Recently, I saw one of the greatest exhibitions of all time: all 36 of the extant paintings by Johannes Vermeers all gathered in one place — including the celebrated Girl with a Pearl Earring  — in one exhibition.  And all I had to do was download the Google Arts and Culture App onto my smart phone or tablet.

In cooperation with the Metropolitan Museum of Art, The Frick Collection, The National Gallery in Washington D.C., The Louvre, The Rijksmuseum and the Mauritius and a dozen other private collections and museums, digital scans of the works were gathered and assembled by Google into a virtual museum whose walls are filled with the Vermeer works organized thematically over seven rooms.

The way the app works you need to have a smartphone with a camera and be able to wave it over a flat surface. After choosing “Meet Vermeer” AR offering, and waving said device,  the museum appears and you can work your way inside and go from room to room. This is neither as easy as satisfying as it sounds. It takes some getting used to and not to state the obvious but looking at the scan in the Augmented Reality Vermeer museum is not the same as looking at a painting in person. It carries none of the emotional or seductive power of the originals.




However, the app does afford the chance to see the works in context of each other, and there is some pleasure to be gained from that. Yes you could google them all, but this is much easier cooler and better images. Among the paintings is “The Concert” from the Gardner Museum (This is among the paintings stolen in 1990 and for which there is a multi-million dollar reward). And yes, the Girl with a Pearl Earring is there. She looks as mysterious as Scarlett Johannson (I would say more).

Also Google affords you the ability to zoom in on details of the paintings which is great if you happen to be writing an art history paper on the significance of certain details in Vermeer’s work.

Having downloaded the app, I decided to try out several of the other cultural VR or AR (Augmented Reality) offerings.  The New York Times has a VR app whereby using a simple Google cardboard viewer (it’s sort of a stereo viewer that you slide your phone into) I was able to experience in 360 and mock 3D the CERN Hadron Collider (Cool), visited Machu Pichu (less successful of an experience — no real awe-inspiring sense of scale).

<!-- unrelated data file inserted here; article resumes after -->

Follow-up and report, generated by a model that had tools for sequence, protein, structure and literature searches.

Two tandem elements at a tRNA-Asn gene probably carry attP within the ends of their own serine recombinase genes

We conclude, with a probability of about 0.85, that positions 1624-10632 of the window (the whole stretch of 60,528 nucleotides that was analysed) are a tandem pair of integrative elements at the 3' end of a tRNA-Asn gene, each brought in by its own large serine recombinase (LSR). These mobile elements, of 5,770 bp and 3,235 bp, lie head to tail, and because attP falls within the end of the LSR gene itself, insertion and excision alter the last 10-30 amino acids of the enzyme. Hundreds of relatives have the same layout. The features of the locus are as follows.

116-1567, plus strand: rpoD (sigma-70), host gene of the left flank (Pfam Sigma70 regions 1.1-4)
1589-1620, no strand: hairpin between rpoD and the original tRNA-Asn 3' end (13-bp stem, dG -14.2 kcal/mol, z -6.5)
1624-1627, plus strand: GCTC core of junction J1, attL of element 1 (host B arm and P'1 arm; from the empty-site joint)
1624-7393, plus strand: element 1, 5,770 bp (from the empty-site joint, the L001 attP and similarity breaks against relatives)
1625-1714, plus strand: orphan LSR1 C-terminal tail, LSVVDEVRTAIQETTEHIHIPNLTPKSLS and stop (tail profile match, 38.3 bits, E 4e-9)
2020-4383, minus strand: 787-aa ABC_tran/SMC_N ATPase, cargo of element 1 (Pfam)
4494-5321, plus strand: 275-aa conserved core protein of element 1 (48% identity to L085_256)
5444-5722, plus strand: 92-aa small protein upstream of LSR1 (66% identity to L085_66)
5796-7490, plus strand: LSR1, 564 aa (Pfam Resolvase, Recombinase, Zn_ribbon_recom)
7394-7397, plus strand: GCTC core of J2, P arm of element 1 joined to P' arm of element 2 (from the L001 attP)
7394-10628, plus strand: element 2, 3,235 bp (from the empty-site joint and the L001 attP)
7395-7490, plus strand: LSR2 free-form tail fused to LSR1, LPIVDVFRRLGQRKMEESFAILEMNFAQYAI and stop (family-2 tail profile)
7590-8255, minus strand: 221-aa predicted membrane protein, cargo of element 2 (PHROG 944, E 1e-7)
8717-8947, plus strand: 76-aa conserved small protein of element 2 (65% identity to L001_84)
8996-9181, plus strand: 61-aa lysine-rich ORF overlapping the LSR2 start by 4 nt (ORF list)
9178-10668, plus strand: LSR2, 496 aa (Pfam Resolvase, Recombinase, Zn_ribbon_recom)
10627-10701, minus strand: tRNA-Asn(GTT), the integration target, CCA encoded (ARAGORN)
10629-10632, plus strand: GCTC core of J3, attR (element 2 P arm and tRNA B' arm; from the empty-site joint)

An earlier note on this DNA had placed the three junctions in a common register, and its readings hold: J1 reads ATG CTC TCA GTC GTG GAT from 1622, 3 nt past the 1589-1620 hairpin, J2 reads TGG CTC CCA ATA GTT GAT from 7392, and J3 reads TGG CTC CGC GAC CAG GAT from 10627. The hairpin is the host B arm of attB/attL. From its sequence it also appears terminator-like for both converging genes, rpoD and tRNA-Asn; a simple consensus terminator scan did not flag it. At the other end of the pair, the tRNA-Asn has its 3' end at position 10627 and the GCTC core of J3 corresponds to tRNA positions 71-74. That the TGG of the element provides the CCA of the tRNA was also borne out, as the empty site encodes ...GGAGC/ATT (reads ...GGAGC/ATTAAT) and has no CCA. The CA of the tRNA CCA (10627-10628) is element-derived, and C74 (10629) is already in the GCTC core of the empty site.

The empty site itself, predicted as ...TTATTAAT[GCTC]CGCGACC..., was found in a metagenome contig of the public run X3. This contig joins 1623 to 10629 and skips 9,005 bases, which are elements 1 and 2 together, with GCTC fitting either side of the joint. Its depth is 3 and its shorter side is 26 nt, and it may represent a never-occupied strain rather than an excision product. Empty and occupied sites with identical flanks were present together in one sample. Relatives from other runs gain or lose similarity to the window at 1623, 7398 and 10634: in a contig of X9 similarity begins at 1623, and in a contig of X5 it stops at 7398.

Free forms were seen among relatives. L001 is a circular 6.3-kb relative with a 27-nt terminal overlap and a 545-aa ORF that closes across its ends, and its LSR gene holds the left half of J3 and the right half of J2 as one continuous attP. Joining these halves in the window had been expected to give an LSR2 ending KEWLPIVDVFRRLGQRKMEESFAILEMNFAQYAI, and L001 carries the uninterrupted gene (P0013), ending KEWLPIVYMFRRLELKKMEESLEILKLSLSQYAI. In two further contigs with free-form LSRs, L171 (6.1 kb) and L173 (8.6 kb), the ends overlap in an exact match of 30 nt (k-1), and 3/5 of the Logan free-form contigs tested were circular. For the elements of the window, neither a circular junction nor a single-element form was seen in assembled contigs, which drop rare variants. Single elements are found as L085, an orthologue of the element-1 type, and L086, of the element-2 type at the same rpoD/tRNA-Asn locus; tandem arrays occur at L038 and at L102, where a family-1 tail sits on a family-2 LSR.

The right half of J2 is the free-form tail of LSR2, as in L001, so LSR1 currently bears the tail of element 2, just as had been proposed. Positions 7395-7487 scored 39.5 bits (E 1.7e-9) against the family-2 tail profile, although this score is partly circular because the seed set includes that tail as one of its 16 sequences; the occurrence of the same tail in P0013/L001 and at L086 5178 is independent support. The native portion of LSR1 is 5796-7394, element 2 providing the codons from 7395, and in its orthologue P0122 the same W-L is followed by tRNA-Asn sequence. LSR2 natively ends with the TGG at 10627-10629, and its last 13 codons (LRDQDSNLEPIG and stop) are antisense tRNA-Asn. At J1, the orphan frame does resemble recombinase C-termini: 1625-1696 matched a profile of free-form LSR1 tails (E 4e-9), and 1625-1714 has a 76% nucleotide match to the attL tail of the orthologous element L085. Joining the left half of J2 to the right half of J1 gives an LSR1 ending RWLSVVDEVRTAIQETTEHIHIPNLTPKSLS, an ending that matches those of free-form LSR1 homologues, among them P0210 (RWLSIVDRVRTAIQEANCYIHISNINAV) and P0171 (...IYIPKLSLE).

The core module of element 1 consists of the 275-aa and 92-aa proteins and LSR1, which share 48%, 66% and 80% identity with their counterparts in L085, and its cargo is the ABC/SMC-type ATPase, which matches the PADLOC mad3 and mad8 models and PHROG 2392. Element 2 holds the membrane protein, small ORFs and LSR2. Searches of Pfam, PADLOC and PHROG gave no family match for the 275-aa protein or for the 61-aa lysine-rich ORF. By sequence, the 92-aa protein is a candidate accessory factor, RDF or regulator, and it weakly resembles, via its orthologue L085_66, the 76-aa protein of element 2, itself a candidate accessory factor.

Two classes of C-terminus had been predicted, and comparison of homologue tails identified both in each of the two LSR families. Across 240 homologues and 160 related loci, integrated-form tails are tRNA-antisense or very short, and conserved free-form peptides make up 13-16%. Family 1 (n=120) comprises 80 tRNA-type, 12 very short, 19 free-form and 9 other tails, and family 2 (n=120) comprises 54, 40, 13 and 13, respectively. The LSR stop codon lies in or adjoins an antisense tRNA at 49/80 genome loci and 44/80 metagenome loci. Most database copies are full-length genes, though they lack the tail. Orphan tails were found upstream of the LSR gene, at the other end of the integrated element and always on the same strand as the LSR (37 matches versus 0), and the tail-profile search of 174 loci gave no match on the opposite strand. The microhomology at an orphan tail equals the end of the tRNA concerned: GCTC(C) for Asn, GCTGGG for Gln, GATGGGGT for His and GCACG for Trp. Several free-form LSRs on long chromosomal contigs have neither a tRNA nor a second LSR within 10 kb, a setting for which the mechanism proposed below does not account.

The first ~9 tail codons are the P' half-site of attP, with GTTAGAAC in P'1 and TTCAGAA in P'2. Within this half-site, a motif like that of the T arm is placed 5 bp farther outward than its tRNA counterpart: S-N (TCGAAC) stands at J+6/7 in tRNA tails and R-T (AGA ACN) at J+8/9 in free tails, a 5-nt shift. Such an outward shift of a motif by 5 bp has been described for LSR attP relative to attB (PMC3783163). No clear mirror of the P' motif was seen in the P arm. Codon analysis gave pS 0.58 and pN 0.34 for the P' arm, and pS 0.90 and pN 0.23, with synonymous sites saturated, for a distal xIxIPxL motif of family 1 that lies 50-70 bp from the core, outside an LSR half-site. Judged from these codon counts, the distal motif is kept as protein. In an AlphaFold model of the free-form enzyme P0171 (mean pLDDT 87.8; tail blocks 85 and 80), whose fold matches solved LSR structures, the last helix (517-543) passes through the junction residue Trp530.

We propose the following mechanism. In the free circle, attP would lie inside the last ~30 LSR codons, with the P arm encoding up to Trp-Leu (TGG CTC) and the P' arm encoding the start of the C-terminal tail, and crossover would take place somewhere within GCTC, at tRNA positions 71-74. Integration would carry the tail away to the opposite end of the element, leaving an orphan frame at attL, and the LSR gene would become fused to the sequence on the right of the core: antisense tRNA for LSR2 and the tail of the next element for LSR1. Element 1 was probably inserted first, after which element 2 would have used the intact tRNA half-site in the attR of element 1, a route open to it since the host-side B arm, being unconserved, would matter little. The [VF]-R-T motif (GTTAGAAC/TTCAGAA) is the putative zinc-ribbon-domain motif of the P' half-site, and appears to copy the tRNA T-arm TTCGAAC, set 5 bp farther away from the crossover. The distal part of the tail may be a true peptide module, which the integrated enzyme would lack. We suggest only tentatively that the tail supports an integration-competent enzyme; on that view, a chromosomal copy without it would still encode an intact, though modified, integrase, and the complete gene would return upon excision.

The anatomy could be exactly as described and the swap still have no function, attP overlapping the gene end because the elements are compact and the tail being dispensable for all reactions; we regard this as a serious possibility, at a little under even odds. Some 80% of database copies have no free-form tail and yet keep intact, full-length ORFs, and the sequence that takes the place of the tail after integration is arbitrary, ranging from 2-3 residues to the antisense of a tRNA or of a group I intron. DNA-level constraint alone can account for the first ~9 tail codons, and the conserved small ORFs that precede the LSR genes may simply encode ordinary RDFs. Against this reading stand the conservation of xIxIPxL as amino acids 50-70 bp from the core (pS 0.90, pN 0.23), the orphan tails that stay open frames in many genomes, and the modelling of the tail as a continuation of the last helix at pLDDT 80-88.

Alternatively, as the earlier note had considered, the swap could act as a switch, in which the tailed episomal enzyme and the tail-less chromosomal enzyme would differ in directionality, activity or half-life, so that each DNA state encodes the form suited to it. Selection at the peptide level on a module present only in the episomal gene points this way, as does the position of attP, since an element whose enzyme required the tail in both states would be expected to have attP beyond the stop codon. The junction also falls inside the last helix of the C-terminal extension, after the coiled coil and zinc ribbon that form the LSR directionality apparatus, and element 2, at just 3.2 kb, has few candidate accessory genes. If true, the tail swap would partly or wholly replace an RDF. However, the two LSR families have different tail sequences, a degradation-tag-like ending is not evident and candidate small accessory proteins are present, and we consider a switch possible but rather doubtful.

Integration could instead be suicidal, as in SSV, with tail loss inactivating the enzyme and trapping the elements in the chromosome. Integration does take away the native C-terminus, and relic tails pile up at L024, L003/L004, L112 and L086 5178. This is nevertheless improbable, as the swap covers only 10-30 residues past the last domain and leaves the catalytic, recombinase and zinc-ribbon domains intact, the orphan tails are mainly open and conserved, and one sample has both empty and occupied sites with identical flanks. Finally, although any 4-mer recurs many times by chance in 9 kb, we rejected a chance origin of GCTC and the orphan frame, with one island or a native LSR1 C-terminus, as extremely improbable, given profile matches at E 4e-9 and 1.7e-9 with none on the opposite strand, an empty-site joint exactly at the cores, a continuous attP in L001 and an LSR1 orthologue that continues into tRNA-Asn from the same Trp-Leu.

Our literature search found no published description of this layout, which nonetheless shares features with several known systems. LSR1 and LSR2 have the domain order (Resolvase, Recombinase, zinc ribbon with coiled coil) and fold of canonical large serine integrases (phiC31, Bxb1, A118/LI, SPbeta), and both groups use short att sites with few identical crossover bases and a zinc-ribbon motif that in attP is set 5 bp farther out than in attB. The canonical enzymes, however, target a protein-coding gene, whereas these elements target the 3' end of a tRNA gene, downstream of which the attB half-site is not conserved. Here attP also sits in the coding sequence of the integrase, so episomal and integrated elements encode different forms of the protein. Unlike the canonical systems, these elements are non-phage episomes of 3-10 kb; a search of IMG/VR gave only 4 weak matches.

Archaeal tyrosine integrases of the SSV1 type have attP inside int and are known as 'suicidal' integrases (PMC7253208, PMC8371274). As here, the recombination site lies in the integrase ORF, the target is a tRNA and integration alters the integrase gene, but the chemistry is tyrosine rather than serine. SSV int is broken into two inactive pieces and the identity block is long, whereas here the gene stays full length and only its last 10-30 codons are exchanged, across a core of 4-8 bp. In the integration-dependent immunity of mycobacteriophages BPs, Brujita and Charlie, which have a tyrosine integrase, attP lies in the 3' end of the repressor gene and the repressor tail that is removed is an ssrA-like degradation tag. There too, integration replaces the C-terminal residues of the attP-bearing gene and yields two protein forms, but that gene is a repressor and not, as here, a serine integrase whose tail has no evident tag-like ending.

The Peacock Room at the Freer-SacklerFREER SACKLER

Going back to the Google Arts and Culture App, I visited “The Peacock Room” an amazing room J. M. Whistler painted for a patron Frederick Layton in London that is today housed at the Freer-Sackler Gallery that is part of the Smithsonian in Washington D.C. In this case I was able to really view each detail of the room in close-up and have an experience that, while not the same as being there, introduced and educated me about an outstanding aesthetic installation and work of art, I would not otherwise have known about.

When Museums were built, the idea was that Art and Artifacts of our cultural heritage would no longer be the exclusive keepsake of the noble or monied classes for their private homes, but something the public could see in buildings and rooms that were, in a sense, theirs. Now, technology is attempting make accessible and bring into our own homes and private spaces that which is in Museums and places that not all can easily visit.  Still imperfect, but a manifestation of the human desire to share Art and experience — from the earliest cave drawings to the modern CERN Hadron collider.



Tom Teicholz is an award-winning journalist based in Santa Monica, CA and co-host of “The Buried Lede: Beyond the Bylines,” a podcast about journalism